CL&P cannot implement new base distribution rates before January one, 2024. Priorities to the settlement agreed that this review satisfies the statutory requirement in Connecticut that all-electric and natural gas distribution company rates be reviewed once every four years. That's to determine whether they're just unreasonable. So as a result, the next statutory mandated review would be in late 2025. Since CL&P's last distribution rate case was effective in May of 2018, the actual -- the company's actual ROEs have generally ranged between 8.6% and 9%, with the latest reported quarter at 8.6%. There are some tracking mechanisms that will allow us to recover costs associated with certain new investments over the coming years, such as those to improve reliability or implement grid modernization initiatives, but we will not be able to obtain any additional revenues to offset higher wages, employee benefits costs, property taxes and other inflationary items. We'll continue to provide superior service to our nearly 1.3 million CL&P customers will also be effectively managing our operations. It will certainly be a challenge, but one, I know that our entire CL&P and Eversource team is up to meeting.

From the Connecticut settlement, I'll turn to our various grid mod, AMI, electric vehicle initiatives in Connecticut and Massachusetts. So first, I'll turn to slide seven and cover the Connecticut programs. On October 15, CL&P filed a final electric vehicle program designed documents for PURA review and approval, including a proposed budget and program implementation plan for residential managed charging. PURA will conduct a review process with a final decision targeted for December the eight. The program is planned to launch January one of 2022, and will support the state's target of having at least 125,000 electric vehicles on the road by the end of 2025. In terms of AMI, in Connecticut, CL&P is preparing to file an updated proposal based on a straw proposal from Pier to have all our customers on AMI by the end of 2025. To date, we'll need to replace more than 800,000 meters over the next -- to do that, we'll have to replace over 800,000 meters over the next several years.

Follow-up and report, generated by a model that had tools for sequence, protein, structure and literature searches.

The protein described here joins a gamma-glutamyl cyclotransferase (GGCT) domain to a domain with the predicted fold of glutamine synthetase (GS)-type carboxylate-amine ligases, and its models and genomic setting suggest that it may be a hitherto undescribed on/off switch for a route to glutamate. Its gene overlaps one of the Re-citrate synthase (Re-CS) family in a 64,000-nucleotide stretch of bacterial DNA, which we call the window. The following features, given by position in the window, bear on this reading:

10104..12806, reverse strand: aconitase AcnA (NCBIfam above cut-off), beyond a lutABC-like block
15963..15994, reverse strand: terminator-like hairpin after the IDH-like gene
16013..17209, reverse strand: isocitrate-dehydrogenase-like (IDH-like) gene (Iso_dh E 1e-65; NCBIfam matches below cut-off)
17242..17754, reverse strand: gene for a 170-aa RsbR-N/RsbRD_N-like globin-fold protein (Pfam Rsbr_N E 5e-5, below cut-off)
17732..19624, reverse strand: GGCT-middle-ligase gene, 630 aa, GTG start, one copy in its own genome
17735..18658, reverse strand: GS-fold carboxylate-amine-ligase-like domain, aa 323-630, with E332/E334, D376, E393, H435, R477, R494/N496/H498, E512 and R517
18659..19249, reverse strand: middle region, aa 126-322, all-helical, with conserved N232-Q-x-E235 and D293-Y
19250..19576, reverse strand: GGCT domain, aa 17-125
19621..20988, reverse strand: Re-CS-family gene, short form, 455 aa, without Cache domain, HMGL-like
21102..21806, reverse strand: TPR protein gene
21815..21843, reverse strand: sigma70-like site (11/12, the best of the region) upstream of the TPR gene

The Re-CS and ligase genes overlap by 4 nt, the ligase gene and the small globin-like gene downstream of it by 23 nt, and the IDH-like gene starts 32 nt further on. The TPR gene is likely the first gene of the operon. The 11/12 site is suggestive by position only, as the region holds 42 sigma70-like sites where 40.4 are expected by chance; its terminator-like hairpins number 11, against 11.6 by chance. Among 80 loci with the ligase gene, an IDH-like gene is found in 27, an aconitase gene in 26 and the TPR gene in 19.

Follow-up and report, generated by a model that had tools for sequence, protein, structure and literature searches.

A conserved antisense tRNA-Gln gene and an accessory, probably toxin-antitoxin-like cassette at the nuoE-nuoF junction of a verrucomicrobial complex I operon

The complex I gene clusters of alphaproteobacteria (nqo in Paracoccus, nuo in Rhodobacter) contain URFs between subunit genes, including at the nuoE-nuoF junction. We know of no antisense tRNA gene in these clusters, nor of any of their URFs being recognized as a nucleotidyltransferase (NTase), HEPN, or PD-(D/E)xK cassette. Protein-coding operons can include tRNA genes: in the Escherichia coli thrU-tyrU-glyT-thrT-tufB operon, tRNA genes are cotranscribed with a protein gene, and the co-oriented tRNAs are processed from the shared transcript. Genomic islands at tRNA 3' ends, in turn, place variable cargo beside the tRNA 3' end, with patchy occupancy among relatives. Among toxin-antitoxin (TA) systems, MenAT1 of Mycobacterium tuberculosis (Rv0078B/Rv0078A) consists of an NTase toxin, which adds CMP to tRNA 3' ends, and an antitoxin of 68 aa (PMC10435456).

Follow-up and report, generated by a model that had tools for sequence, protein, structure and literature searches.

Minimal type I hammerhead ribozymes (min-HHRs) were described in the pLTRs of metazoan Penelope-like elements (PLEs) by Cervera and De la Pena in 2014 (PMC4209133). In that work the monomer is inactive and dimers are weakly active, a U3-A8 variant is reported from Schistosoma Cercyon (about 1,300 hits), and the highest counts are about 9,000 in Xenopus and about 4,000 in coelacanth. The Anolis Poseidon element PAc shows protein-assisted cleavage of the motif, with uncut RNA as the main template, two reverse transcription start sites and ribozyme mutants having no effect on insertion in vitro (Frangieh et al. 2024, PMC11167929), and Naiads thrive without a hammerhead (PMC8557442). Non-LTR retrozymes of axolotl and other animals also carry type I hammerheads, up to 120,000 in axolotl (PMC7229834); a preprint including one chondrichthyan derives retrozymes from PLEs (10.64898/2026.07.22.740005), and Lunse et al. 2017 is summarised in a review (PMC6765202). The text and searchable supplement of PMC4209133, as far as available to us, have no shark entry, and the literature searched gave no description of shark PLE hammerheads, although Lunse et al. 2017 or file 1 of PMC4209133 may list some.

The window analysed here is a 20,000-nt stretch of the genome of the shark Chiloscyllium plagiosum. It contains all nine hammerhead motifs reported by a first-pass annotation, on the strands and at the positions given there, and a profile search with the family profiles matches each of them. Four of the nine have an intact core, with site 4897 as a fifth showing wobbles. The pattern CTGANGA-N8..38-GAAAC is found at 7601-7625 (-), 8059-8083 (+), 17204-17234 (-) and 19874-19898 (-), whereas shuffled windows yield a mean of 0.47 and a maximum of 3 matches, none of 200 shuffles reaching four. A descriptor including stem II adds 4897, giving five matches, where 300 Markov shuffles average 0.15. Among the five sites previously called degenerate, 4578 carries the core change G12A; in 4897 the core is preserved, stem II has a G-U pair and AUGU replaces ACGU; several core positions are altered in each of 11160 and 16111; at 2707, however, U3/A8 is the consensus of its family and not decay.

Altogether, moving CL&P fully to AMI would involve a capital investment of nearly $500 million we estimate in meters and communication related technologies. In Massachusetts on slide eight, as we mentioned on our July earnings call. We've submitted nearly $200 million grid modernization plan to regulators for the 2022 through 2025 period. The vast majority of that investment would be capital. We expect a ruling on the entire program by the second quarter of 2022. Our Massachusetts AMI program is now being evaluated by the Massachusetts Department of Public Utilities, with a decision expected in 2022. It would involve about $575 million of capital investments over multi-years from 2022 through 2027. And like Connecticut, would provide significant customer service, reliability, energy efficiency, grid modernization and demand management improvements. Also in Massachusetts, the DPU is evaluating an extension of our electric vehicle program. The extension would provide investments of nearly $200 million over the next four years, with about $68 million being capital investments. We currently expect a decision on this by mid-2022. Turning to slide nine.

We've been receiving regular questions over the past couple of months about the impact of higher natural gas prices on this winter's electric and natural gas supplies and prices. So I'll first start with supplies. First, what do we have to supply? Our three natural gas distribution companies are required to have access to enough natural gas to be able to serve our firm customers on the coldest day in the last 30-year period. So we accomplished that through a combination of firm capacity contracts across multiple interstate pipeline systems and through storage, both inside and outside of our service territory. Our regulators in Connecticut and Massachusetts have had the foresight to allow us to maintain significant in region LNG storage in Waterbury, Connecticut. And Hopkinton and Acushnet, Massachusetts as well as various facilities that we purchased as part of the Columbia gas of Massachusetts transaction. Although, these facilities provide us with -- altogether, these facilities provide us with storage connected to our distribution system of nearly 6.5 billion cubic feet.